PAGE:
¼ teaspoon coarse salt
½ teaspoon fresh ground pepper
1 teaspoon extra-virgin olive oil
1 cup spinach (baby leaves or chopped leaves)
3-4 scallions, white and green parts finely chopped

Pre-heat oven to 375o. Whisk together eggs, ricotta, salt and pepper in medium bowl.

Heat oil in a 10-inch oven-proof skillet over medium-high heat. Add scallion and cook until scallion is tender, about 4 minutes. Add spinach leaves and cook, stirring, until tender, about another minute.

Add egg mixture to skillet. Stir to distribute vegetables evenly. Place skillet in oven and bake until eggs have set, about 13 minutes. Serve immediately.

Buttermilk Dressing

On the side, serve a salad of mixed greens, chopped sorrel and radish tossed in this dressing. Sorrel is the lemony leafy green in your bag this week.

Whisk together:
½ cup buttermilk
2 tablespoons mayonnaise
1 garlic clove, minced finely
Coarse salt and fresh-ground pepper to taste.

Cover and chill until ready to serve.

Simple Swiss Chard Pie

Photo to come!

Serves 6 easily

When looking for recipes to use Swiss chard, collards or kale, I just look for a good spinach recipe and adjust. I have developed this easy spanikopita (spinach pie) recipe using a variety of the Everblossom organic greens. This is the least fussy spinach pie assembly I have found and the result was delicious. Here’s what I do…

1/2 a box of frozen phyllo dough (about 20 sheets)

2 tablespoons olive oil

1 tablespoon butter, plus 4 tablespoons butter for brushing on phyllo layers

3 to 4 small leeks, white and light green parts chopped finely

3 bunches of a combination of chard (leaves and stems), collards and kale (stems removed), rinsed and chopped

16 ounce container of ricotta cheese

1/2 cup grated parmesan cheese (you can use pre-grated, but not the shake style here)

Pre-heat oven to 350 degrees. Spray a 9×13 inch baking dish with non-stick spray. Melt 4 tablespoons butter for brushing on layers of phyllo.

In a large pot over medium heat, add olive oil and butter to melt. Then add leeks and the chopped chard stems and cook until softened about 8 minutes. Then add the wet chopped greens in batches – start with the tougher Kale/collards if you’re using those. Work in batches to allow them to wilt down and make room. Sprinkle with more water if you need to; add a teaspoon of salt. Cover and stir occasionally until all nicely wilted.

Remove from heat and stir in ricotta and parmesan cheese. Taste and add salt if necessary.

Open half of the phyllo sheets and cover with a damp tea towel. Then add one or two sheets to dish, brush butter completely over the top and layer another one or two sheets, and brush butter over the top layer again. Continue layering phyllo brushed with butter until about 10 layers are on the bottom.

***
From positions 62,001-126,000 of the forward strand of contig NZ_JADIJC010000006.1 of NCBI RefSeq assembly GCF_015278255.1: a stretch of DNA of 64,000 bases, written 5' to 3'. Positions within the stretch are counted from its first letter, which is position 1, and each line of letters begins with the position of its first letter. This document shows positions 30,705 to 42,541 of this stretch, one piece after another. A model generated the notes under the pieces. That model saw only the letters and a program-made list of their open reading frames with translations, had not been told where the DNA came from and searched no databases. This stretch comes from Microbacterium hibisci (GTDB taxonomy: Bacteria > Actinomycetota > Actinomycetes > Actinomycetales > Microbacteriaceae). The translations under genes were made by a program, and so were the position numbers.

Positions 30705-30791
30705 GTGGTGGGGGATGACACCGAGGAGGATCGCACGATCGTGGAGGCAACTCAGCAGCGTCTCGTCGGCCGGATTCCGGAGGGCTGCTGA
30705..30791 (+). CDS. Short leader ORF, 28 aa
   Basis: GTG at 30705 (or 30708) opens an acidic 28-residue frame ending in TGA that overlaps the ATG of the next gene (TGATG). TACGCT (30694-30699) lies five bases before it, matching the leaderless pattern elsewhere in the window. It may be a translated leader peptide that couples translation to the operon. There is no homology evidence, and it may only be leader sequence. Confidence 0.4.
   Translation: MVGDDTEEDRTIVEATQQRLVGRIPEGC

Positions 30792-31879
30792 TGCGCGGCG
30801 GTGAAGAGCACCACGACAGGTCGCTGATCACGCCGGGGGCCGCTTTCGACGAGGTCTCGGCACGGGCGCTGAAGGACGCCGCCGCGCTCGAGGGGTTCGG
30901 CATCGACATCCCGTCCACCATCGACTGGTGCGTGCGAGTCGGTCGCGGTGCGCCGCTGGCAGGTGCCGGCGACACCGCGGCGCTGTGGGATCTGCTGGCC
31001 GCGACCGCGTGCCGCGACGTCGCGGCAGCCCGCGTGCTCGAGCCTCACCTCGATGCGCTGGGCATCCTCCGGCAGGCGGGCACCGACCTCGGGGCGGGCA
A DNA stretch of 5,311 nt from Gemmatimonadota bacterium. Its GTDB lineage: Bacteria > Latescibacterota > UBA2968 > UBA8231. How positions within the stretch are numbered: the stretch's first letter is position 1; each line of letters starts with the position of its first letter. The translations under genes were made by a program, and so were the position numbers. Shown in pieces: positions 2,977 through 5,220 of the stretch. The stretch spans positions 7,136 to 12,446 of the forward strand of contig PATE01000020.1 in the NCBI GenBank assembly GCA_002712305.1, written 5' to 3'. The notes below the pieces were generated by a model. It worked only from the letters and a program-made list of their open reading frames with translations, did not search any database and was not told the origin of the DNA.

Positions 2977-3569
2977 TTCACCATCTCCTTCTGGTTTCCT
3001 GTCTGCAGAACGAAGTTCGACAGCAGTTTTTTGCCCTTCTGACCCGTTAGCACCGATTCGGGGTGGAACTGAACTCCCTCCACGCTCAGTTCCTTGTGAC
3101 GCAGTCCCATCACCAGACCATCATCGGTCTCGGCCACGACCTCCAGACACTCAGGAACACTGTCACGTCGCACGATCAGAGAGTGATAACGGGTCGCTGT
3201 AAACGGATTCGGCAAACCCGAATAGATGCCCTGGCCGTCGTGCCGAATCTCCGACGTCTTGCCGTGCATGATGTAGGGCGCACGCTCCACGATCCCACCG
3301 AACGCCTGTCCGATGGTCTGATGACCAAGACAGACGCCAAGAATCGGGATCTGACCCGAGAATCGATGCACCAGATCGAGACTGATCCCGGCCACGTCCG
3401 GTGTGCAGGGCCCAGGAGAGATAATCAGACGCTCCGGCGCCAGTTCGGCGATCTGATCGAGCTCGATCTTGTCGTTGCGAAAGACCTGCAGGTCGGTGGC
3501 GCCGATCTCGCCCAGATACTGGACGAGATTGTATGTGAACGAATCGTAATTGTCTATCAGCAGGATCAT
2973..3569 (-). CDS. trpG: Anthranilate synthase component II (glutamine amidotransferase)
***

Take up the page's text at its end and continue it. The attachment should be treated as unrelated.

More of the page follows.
Spoon in the greens and ricotta mixture. Repeat layering of sheets brushed with butter for another 10 layers on top. Be sure to brush the very top completely with butter (melt a bit more if you ran out).

Bake for about 20 minutes until nicely browned and bubbling inside. It’s ready to be served, sliced like lasagna along with a simple green salad and creamy buttermilk dressing.

Watercress Salad with Apricot and Blue Cheese Potatoes


How I love cable access television! I just watched Elaine’s latest interview on ACTV (Adams County Television). She was recently a guest on Mark Berg’s show, Community Focus where he featured CSA’s. Watch it at It makes me wish AGAIN that I had a job on television. Her first interview on ACTV was many years ago with me asking the questions – pretending I was Samantha Brown from the travel channel.
Elaine, what a smart, confident and knock-out representative of farmers you are!

And, it reminded me that I owe my blog a recipe. I made this for dinner after our last CSA pick-up. It uses Everblossom potatoes, parsley, butter crunch lettuce and watercress. I served it with baked chicken breast tossed with olive oil, salt pepper and Everblossom rosemary. My oldest, Audrey, actually cheered, “Hooray Hooray, Mamma made the best supper today!” I think she knows exactly what she’s doing.

The proportions in this recipe serve 3 to 4 comfortably.

The Salad
The peppery watercress is complemented by the tart apricot and sweet dressing.
Combine the following in equal portions:
1 head of butter crunch lettuce, rinsed, dried and chopped
1 bunch watercress, washed and chopped
1 handful of diced dried apricots
Poppyseed dressing (we love Brianna’s)

The Potatoes
I LOVE blue cheese on potatoes.
Peel about 15 to 20 small potatoes. Steam them in a steamer basket for 15 to 20 minutes until fork tender.
Remove them and empty the water, then put the potatoes back in the pot with 1/4 cup milk, 1/4 cup blue cheese dressing and 2 tablespoons chopped parsley.

…p.s. food photography is hard.

Creamy Horseradish Potato Salad


We’ve gotten an abundance of potatoes from Everblossom this winter. One of my favorite ways to eat them is in potato salad. I know it’s mostly thought of as a summertime side, but with horseradish this has a kick that feels like a wintry – or maybe even early spring – version. How ever you like to make potato salad, consider leaving the peels on. It’s where the nutrition is.

2 pounds potatoes, cut into bite-sized 1-inch pieces, with peels on
1 tablespoon kosher salt for boiling water
4 celery stalks, chopped in small pieces
3/4 cups mayonnaise
1/2 cup horseradish sauce
1/2 tsp smoked paprika
salt & pepper to taste

Boil the potatoes in salted water until fork tender, about 20 minutes. Strain and add to large bowl with celery, mayo, horseradish sauce and paprika. Stir to combine. Add salt and fresh-ground pepper to taste.